Design · Culture · Spirituality

Rachel Held Evans and Evolving in Monkey Town

If you follow me on Twitter, you’ve probably seen me quote, or link to things, from Rachel Held Evans (her blog and Twitter). I first came across her sometime last year from a comment on another site, but I really liked the comment and I started following/occasionally commenting on her blog, talking back and forth on Twitter, and we have exchanged a few emails and such. At some point, the opportunity came up to review her book, Evolving in Monkey Town: How a Girl Who Knew All the Answers Learned to Ask the Questions, and I was thrilled to be able to do so.

Rachel’s book is structured around her own story. She was raised in the strongest of evangelical apologetics, ready to defeat a host of arguments without listening to them and treat threatening views as dangerous views, and her own views as unquestionable. This part is called “Habitat.” But eventually, her critiques and questions of the views of others are turned on her own, and this part is called “Challenge.” Finally, she learns that her faith can change, and indeed must change. This, of course, is called “Change.”

In the first part, there are powerful stories of Dayton, Tennesee and the world of conservative evangelicalism, and of herself and other folks that Rachel has known. There are stories that will make you cringe, either because you remember the same experiences in your own life or because you can’t imagine such experiences really happening. There are stories that give glimpses into its cracks and dangers, stories that give glimpses into what it taught her, and stories that just make it look old in a world that no longer needs it.

One example is this:

With this assurance [that reality would always support their "biblical worldview"], we studied common challenges in Christianity, such as the problem of evil and the destiny of the unevangelized. These were treated as issues that atheists and agnostics might raise to try to undermine Christianity, not issues that believers generally struggled with themselves, so I had to be careful how I phrased my questions in class.

In the second part, the questions of skeptics become Rachel’s questions. She deals honestly with issues of hell, pluralism, the fact that the time and place in which we were born is the most likely factor to decide the religion we will practice, the guilt that can plague us when we begin to honestly look at the suffering of people in the world, and other questions that people with these frameworks really don’t like to think about.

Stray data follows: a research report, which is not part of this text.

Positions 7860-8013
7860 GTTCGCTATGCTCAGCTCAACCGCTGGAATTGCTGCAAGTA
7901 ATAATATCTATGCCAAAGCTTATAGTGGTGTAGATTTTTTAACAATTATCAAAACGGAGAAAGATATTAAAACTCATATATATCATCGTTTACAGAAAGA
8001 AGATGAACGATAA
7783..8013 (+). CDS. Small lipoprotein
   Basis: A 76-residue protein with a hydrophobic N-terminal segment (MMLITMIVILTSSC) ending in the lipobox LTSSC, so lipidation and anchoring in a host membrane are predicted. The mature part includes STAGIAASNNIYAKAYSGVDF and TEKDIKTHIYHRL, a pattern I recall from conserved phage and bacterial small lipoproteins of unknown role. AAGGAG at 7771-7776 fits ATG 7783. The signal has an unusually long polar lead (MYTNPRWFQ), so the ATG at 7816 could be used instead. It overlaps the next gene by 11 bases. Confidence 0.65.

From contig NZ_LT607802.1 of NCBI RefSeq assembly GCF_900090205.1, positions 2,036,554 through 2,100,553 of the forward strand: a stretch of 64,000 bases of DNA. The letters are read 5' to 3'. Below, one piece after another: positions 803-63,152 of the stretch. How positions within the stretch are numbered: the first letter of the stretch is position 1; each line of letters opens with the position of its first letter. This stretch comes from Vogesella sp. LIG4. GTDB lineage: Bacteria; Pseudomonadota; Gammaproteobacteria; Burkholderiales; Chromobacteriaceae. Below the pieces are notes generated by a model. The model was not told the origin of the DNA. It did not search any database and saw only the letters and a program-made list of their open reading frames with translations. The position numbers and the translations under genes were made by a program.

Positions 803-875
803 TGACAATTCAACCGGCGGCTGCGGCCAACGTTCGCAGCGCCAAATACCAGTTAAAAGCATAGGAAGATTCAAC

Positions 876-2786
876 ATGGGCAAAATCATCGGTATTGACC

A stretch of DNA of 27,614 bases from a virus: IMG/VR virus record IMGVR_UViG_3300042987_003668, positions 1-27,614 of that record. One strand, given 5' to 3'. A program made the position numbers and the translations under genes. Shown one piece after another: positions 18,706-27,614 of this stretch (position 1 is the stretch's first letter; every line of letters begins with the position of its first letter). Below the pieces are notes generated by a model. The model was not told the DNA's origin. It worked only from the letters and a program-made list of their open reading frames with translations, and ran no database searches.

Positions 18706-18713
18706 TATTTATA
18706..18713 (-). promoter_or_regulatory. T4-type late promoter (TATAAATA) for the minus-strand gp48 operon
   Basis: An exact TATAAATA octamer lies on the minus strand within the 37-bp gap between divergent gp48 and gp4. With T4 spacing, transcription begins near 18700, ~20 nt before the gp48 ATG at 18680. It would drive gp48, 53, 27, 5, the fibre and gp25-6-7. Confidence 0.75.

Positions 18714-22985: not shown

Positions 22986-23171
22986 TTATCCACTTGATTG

This is a profound section, partly because it is willing to give us a glimpse into a deep wrestling with questions that have been equated with a faithful theology for Rachel’s entire life up to this point, and partly because it gives us a glimpse into how deeply we can encounter the love and grace of Jesus within these questions regardless of whether or not there are satisfying answers to them.

In the end, the same question that frightened and intimidated me as a child provided the clearest way out: What if I’m wrong? It was a question loaded with uncertainty, possibility, and hope, and it was a question to which I often would return. To be wrong about God is the condition of humanity, for better or worse. Sometimes it lures us into questioning God; sometimes it summons us to give him another chance. After I’d thought for so many years that good Christians are always ready with an answer, it was a question that eventually drew me back to belief.

So following this, the final section tells us how Rachel has learned that her faith can be flexible, that God is full of grace, and that it’s okay not to know things. One last quote to illustrate this:

And slowly I am learning to live the questions, to follow the teachings of a radical rabbi, to live in an upside-down kingdom in which kings are humbled and servants exalted, to look for God in the eyes of the orphan and the widow, the homeless and the imprisoned, the poor and the sick.

I hope I’ve expressed a bit of the profound theological and spiritual story that is in this book, and the freedom and beauty that is in its message. It doesn’t tell us that real faith is easy and lets us float above the hard parts, or that we can settle for a lifeless faith that offers nothing that can change us and nothing that can change the world. It offers us hope through the stories of folks Rachel has met and shares with us, through the parts of her own journey that she shares with us, and the ways that we can turn an honest look on our own journeys and know that Jesus is in them.

I’d love to encourage you to get this one. You can buy it on Amazon, or get more info on Rachel’s site.

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About the Designer

Jonathan Stegall is a web designer and emergent / emerging follower of Jesus currently living in Atlanta, seeking to abide in the creative tension between theology, spirituality, design, and justice.

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